Now is a great time to be a medievalist. More and more beautiful, high-resolution, images of medieval manuscripts are appearing online.
However, it can be difficult to a) find these images, b) know whether you are allowed to use them, and c) know where you stand when it comes to reproducing them in open access publications (where the licence often states that content can be adapted and shared freely). Therefore, with significant help from my friend and colleague Kate Thomas (For the Wynn) and the insights given to me by others on Twitter, I’ve put together a list of collections which have a researcher-friendly policies regarding downloading and sharing manuscript images. I’ve decided to focus this post on collections that include material from the medieval and early modern period, but many (most?) of them also extend beyond that timeframe. Please contact me with recommendations, if you have further examples of repositories that have put their images in the public domain.
Edit: many manuscripts are digitised and uploaded as part of image viewers, where the user can pan around the image and even zoom to a very high resolution. However, the image is often either a) downloadable only as a thumbnail to medium size image via a button above the viewer, or b) when you right click to save the image, it grabs a low-res image of whatever part of the image you are viewing at the time. These images will be useless for publication. Undoubtedly these viewers have their uses, and a low resolution image can be used fruitfully on blogs/Twitter/other online publications – so I have included them below. However, I have begun to indicate below where high resolution images are easily downloadable, as this is important to those hoping to publish with these images.
The British Library, Catalogue of Illuminated Manuscripts. This collection is available via a Public Domain Mark which indicates that there are no copyright restrictions on reproduction, adaptation, republication or sharing of the content available from the site. The full reuse information is here. [high resolution]
The Walters Manuscript and Rare Book Collection. All of these images are released for free under a Creative Commons Attribution-ShareAlike 3.0 Unported license for anyone who wants to use them. The Walters’ Flickr page also makes images available under a ShareAlike 2.0 licence. Both of these licences allow free sharing and adaptation of the image, on the understanding that it will be credited appropriately (which all good medievalists should aspire to!) This collection is remarkable for its illuminated and illustrated Islamic manuscripts (9th-19th centuries), found here. [high resolution]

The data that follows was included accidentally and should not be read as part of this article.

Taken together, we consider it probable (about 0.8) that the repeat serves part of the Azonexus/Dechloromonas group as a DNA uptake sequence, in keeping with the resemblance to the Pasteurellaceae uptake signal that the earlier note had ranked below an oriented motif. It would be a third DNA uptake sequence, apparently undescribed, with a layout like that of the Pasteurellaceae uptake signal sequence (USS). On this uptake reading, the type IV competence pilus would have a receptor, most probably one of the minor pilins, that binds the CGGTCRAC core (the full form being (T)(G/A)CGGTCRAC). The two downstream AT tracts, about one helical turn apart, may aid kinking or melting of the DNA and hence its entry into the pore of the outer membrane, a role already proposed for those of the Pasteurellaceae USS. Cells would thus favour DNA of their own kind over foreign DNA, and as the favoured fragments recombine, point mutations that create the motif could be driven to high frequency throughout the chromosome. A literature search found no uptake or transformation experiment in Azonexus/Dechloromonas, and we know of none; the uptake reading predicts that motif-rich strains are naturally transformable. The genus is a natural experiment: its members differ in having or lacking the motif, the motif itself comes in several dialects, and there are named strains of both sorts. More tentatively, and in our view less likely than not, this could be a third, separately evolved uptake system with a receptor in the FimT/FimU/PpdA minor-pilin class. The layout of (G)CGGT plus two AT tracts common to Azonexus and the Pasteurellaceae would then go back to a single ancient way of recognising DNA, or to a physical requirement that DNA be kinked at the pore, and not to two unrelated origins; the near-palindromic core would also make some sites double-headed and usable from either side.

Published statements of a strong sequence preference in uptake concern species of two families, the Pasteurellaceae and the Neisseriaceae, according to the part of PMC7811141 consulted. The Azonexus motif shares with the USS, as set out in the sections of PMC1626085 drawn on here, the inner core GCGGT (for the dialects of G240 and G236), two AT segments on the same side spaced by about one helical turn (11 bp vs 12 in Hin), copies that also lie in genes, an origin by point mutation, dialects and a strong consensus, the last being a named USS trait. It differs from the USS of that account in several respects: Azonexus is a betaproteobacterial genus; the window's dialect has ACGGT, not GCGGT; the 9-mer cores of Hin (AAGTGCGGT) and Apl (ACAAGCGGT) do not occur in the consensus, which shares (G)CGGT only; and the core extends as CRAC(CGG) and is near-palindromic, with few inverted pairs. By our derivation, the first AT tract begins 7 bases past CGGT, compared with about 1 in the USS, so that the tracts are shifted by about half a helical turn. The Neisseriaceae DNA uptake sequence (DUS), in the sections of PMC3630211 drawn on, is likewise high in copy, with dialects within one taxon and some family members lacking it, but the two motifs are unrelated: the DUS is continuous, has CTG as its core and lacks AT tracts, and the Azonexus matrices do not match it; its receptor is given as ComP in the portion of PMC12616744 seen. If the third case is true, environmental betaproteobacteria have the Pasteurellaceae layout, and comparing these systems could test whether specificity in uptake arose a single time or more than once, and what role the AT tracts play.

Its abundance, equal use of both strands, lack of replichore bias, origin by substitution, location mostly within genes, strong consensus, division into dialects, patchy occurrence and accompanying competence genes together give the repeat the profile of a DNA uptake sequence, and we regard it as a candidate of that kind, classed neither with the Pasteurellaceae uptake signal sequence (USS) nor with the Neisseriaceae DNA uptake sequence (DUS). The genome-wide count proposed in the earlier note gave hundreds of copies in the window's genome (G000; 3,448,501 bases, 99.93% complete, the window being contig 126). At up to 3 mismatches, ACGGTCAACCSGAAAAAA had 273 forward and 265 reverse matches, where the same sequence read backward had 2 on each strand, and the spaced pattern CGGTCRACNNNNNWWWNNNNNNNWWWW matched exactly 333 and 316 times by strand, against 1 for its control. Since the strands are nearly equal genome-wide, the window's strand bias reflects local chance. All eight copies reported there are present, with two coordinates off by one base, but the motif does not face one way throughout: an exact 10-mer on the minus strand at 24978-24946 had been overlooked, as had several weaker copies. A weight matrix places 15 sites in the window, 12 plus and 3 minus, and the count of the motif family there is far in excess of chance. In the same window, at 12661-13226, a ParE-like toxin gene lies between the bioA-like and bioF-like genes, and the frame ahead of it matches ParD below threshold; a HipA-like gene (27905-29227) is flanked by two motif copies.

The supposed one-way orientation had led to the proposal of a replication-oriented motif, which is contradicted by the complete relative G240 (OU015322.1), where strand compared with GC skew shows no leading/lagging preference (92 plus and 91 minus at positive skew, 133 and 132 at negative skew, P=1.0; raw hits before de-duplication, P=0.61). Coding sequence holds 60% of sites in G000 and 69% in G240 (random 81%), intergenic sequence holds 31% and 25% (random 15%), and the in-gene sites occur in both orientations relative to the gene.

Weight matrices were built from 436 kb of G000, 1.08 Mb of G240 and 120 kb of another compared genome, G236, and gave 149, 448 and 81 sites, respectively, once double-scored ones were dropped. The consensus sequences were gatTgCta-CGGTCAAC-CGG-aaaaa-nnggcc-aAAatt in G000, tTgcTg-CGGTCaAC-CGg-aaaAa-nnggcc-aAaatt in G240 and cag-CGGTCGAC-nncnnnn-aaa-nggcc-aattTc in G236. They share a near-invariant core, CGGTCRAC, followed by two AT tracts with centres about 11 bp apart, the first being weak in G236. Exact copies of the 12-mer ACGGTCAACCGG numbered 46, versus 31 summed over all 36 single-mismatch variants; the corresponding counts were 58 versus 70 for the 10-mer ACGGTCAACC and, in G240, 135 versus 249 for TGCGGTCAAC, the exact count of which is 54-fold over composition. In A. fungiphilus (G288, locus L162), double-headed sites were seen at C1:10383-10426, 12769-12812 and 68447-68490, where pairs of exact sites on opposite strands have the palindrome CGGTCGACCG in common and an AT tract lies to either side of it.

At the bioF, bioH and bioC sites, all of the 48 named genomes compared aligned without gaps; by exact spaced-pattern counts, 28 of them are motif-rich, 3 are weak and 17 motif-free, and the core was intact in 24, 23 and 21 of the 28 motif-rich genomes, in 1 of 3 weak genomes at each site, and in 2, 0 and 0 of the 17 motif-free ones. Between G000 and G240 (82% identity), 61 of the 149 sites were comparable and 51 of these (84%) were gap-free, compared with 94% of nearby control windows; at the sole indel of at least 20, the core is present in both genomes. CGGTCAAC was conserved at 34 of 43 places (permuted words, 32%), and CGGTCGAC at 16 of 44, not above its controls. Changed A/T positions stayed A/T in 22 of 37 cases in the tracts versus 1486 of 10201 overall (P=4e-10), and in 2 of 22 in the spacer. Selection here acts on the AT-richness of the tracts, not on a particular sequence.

The Fitzwilliam Museum, Cambridge. Splendid illuminated manuscripts from the museum’s collection. Images may be used for non-commercial research purposes, with appropriate credit. However, the downloadable version of each image is low-resolution and high resolution images need to be ordered, and fees might apply. See here for policy.
Getty Collection. Thousands of images are available to download and reuse under the Getty’s ‘Open Content Program‘. Where this is the case, the words ‘This image is available for download, without charge, under the Getty’s Open Content Program.’ appear directly under the image. this as is the case with this stunning image from an 11th century sacramentary. [high resolution]
Wellcome Images. Hundreds of thousands of images are made available here under a CC-BY licence. I don’t find this website particularly easy to use, but it presents a wonderful collection of manuscripts relating to wellbeing and medicine. Once you do navigate to the image that you want to use, the high-resolution version is available to download and reuse in publications as you wish. [high resolution]
Wellcome Arabic Manuscripts. Comprises around 1000 manuscript books and fragments relating to the history of medicine. ‘The core of these collections relates to the great heritage of classical medicine, preserved, enlarged and commentated on throughout the Islamic world, stretching from Southern Spain to South and South-east Asia.’ Images and metadata can be used free of charge under the Creative Commons 2.0 (UK and Ireland). [high resolution]